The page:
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36 Responses

  1. Avatar Tod Kelly says:

    I cannot stress enough what a fabulous piece this is, MRS.Report

  2. Avatar Chris says:

    Gave me a big smile. Wonderful and thank you for sharing it.Report

  3. Avatar Maribou says:

    This warmed my heart. I will think of it the next time I tell someone “I got you.” (which I do all the time…)Report

  4. Avatar Burt Likko says:

    Aww. I needed a smile today. Thanks for the awesome story, MRS, and enjoy the Bug!Report

  5. Avatar Kazzy says:

    Awesome. Is that you and him in the pic?

    My wife is the “feeler” in our relationship. I’ve never been much of a feeler and have built up a certain callous to the emotional tugs and pulls of lil’uns from spending damn near every day of the past 10+ years with them. Mayo has softened that a bit but given what I know about how children can tug at your heart strings and how tuggable my wife’s heart strings can be, I’ve been trying to prepare her for moments like these. Were I not, there is very legitimate concern that she would go into some irrevocable state of shock.

    “One day he’s going to just walk up to you and say, “I love you, Mommy” and give you a kiss. You might have a heart attack when this happens. Make sure you have a paper bag with you.”Report

    • Avatar Mad Rocket Scientist says:

      Yeah, that’s me & mini-me (seriously, he is; one of these Halloweens, we are both getting silver jumpsuits & he’s getting a skull cap).

      I also tend to be less “feeling” than my wife, but Bug is a pretty effective emotional trigger for me. Considering everything we went through to get him into this world, it’s little wonder.Report

      • Avatar Kazzy says:

        They’ll do that. A number of people from work — who I generally keep at arm’s length as “proximity friends” — have commented on little things I’ve done that indicate my gooey emotional center.

        “Was Kazzy just nice? What’s up with that? [gasp] The baby! It’s getting to him! He is human!”

        “Considering everything we went through to get him into this world, it’s little wonder.”
        FWIW, I’d love to hear this story one day. I recognize it is your story and you are free to tell it or not as you wish, but I always am fascinated by the different paths we take to parenthood. Additionally, I also thing we stupidly stigmatize people who don’t conceive “naturally” when we should be celebrating the efforts they’ve made to create their family (assuming this is what you meant by “everything [you] went through”… which I may be way off in assuming).Report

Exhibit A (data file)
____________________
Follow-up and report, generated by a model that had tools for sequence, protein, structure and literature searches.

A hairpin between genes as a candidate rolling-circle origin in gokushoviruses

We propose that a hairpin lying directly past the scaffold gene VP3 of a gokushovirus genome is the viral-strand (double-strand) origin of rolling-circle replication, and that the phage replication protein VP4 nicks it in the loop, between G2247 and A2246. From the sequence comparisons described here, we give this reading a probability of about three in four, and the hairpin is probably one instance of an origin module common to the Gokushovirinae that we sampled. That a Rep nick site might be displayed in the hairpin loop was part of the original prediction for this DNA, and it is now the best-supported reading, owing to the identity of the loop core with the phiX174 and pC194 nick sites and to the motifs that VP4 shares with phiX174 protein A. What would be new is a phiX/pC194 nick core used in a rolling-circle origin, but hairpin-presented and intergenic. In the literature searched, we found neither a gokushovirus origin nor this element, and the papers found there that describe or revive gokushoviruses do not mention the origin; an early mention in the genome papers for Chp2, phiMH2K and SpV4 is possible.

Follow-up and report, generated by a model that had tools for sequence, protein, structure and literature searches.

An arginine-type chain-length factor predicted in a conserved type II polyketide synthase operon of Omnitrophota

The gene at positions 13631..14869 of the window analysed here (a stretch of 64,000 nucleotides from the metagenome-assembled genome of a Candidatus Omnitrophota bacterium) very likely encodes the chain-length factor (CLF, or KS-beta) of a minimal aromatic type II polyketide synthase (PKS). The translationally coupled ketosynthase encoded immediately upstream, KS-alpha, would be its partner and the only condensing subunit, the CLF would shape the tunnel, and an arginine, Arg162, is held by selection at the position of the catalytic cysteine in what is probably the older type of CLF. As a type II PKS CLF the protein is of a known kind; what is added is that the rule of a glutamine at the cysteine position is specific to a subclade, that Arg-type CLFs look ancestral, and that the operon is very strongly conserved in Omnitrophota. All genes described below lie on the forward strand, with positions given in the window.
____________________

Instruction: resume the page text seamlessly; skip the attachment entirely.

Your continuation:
• Avatar Mad Rocket Scientist says:

        The short of it was that our first attempt at kids ended in an ectopic pregnancy. The little guy was too tough by half, survived both attempts to end the pregnancy chemically, and had to come out via surgery. The surgery cost my wife both her tubes, so we had no choice but to try IVF.

        Bug was our third & final attempt at IVF.Report

      • Avatar Kazzy says:

        I’m glad that he is here with us. If he didn’t gotchu, we’d probably be worrying about ya.Report

      • Avatar Mad Rocket Scientist says:

        Thanks @kazzy

        Now if we could just get people to stop asking us when we are going to have another…Report

      • Avatar Kazzy says:

        I’ve become close with a colleague recently who had a long struggle to have her first (and only) child. She wants nothing more than to have another but for a host of reasons that is not in the cards for her. She is remarkably open about it — which is part of what got me thinking about the extent to which she stigmatize infertility, pregnancy complications, and the like — and I am thoroughly impressed by her for that. Our conversations have made me think about the way in which I — and we as a society — discuss pregnancy and how otherizing that can be to people whose stories don’t “follow the script”.

        I bet if you asked people to estimate how many children are conceived with support* of one kind or another, they’d guess just a fraction of the actual number

        * Even here, I feel limited by language. “Natural pregnancies” imply something unnatural about other pregnancies, which feels wrong. “Medical interventions” is probably a technically accurate term but feels overly technical. Oi…Report

      • Avatar Kim says: